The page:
Amina Mohammed – Winner of the Global Citizen World Leader Prize – Deputy Secretary-General of the UN writes exclusively for Editions Lifestyle

By Joy Sigaud. 

On the eve of the Global Citizens Awards, well deserved winner of the Global Citizen World Leader Prize,  Amina J Mohammed of British/ Nigerian descent also listed in Forbes 100 Most Powerful Women is aptly placed to discuss sustainable goals for women worldwide.  A shining beacon of hope for many, not the few, she has travelled and campaigned tirelessly on many issues.

Amina Mohammed, a champion of the Sustainable Development Goals Programme to eradicate poverty by 2030, she has advocated and  implemented policy changes that have improved the lives of many suffering from the effects of poverty. Having served under three Nigerian presidents in senior roles, she presided over a 5% national reduction in HIV infections and a 32% reduction in maternal mortality. Here she has written for Editions Lifestyle Black History Month Magazine: 


I am pleased to contribute to this inaugural issue of Editions Lifestyle Magazine on Diversity in Britain. The issue of diversity is more relevant than ever as our world becomes increasingly interconnected and interdependent, and as we see a groundswell of hatred and discrimination affecting so many societies.

My own story is one of multiple identities. My background encompasses Nigeria and the United Kingdom, the public and private sectors, and the United Nations.  I am an African mother and a grandmother; my children and grandchildren are Nigerian, British, Syrian, Brazilian and more.  I am a former government minister, a survivor of gender-based violence, a faithful Muslim, the granddaughter of a Presbyterian minister; and the second-highest international civil servant in the world.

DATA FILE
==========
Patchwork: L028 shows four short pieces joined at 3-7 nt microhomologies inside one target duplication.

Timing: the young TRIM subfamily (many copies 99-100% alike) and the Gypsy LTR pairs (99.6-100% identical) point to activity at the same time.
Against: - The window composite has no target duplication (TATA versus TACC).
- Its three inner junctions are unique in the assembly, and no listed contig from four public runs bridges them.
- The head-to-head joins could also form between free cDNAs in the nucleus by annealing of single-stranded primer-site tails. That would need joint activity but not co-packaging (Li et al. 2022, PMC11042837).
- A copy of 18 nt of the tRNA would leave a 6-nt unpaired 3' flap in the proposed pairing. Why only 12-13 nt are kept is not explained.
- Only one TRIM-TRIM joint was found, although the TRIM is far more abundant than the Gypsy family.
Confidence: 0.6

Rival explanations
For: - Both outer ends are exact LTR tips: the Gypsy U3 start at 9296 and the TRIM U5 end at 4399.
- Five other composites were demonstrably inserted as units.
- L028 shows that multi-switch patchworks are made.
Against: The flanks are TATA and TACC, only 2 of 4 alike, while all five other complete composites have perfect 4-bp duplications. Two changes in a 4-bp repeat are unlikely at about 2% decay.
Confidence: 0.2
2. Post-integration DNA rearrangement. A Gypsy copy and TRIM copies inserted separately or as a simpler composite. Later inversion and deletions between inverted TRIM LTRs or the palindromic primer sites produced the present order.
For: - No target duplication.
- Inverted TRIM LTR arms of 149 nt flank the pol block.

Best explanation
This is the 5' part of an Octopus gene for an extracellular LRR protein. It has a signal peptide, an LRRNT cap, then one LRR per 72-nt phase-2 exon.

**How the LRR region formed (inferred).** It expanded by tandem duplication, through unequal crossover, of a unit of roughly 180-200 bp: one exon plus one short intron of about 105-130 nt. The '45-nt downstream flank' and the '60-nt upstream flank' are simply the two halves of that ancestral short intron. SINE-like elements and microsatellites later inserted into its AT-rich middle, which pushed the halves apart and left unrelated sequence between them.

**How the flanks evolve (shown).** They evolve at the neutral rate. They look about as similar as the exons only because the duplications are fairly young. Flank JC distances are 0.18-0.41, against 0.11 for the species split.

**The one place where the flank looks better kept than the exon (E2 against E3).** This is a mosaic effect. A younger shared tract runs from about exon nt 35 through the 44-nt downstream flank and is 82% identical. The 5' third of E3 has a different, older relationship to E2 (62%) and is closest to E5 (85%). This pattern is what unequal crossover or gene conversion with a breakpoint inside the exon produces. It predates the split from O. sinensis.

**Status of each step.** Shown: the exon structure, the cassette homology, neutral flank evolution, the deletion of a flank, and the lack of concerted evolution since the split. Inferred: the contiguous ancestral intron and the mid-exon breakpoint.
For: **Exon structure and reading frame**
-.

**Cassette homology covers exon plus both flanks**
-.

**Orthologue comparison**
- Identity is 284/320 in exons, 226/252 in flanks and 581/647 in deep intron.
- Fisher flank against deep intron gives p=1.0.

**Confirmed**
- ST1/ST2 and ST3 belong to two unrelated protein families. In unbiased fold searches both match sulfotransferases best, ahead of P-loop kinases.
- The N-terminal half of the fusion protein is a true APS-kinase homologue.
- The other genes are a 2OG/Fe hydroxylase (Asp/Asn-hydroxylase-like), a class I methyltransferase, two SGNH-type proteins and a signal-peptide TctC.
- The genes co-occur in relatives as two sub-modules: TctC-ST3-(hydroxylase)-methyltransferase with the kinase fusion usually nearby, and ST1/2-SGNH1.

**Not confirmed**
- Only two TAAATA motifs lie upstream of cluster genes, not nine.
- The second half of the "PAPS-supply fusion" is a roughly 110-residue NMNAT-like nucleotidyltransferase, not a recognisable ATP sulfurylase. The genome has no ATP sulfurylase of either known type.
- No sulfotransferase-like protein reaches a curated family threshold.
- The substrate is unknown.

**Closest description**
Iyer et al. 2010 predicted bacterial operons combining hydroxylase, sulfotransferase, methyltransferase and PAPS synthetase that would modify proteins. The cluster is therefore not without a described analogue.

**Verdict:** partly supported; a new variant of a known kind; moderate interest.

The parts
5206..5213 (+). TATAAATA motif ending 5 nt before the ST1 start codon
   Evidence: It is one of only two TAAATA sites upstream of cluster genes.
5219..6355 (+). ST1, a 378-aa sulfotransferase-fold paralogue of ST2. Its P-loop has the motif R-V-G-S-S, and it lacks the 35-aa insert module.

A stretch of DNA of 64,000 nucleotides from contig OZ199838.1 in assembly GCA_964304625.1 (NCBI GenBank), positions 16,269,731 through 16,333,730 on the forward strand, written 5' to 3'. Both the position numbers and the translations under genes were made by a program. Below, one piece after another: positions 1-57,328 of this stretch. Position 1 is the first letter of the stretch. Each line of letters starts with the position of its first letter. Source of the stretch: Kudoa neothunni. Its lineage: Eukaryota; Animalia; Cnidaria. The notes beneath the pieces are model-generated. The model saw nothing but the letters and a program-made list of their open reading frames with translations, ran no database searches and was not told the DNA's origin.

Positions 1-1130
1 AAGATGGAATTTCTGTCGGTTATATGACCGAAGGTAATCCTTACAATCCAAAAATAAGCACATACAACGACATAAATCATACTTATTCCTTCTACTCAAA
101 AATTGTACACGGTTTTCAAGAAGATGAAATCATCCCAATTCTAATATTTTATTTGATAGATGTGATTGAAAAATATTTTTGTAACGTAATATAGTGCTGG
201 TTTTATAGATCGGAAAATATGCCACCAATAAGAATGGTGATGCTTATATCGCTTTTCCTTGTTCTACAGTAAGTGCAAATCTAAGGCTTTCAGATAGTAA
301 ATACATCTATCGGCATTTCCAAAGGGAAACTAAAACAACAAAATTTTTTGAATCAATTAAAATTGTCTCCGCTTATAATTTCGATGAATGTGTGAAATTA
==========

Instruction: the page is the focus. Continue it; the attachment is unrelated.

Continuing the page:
“Such diversity in just one person is far from unusual. We all embody many different identities”

Such diversity in just one person is far from unusual. We all embody many different identities. The growth of DNA-testing proves this in the most literal way, but it is also true socially and culturally. There is no homogenous culture in our world; there are simply those that are more and less honest about their history.

In recent years, we have seen a resurgence of populism, including leaders who seek electoral and political gain by dividing us on the basis of identity and difference. But in reality, diversity unites us and our differences only serve to emphasise what we have in common. It is through recognising and embracing the richness of diversity that we can address the most pressing global challenges we face today, from poverty and inequality to conflict and injustice. Gender equality and the inclusion of women and girls provides us with the clearest example.


Despite growing evidence that women’s equal participation is correlated with greater prosperity, more responsive governments, better bottom lines, greater stability and more sustainable peace and development, we continue to deny and exclude half our population.

A recent report by the World Bank found that just six countries give women and men equal legal rights across the board. At the current rate, it will take two centuries to achieve meaningful gender equality. The current pushback against women’s rights and gender equality in all regions of the world is not only an affront to our core values; it is a deathknell for our chances of peace and prosperity.

It also runs counter to the global roadmap agreed by all 193 countries of the United Nations just four years ago – the 2030 Agenda for Sustainable Development and its 17 Sustainable Development Goals. These start with the eradication of poverty and hunger, and include goals on health, education, gender equality, climate and more. They are a transformational roadmap for peace and prosperity on a healthy planet, based on inclusion and the value of diversity.

No goal stands alone, but the goal on gender equality is essential to achieving all the others. Without the diversity of perspectives brought to every facet of our lives by the equal inclusion of half our population, the qualities women bring to leadership in all areas, and the talents of young women innovating in science and technology, we will never succeed in building a better world.

 Let us take a moment to think about how diversity of all kinds informs our opinions, increases our understanding and advances progress for all.


This article is an excerpt from Editions Lifestyle Black History Month Magazine. ©
Photos: Behind the scenes and international presentations.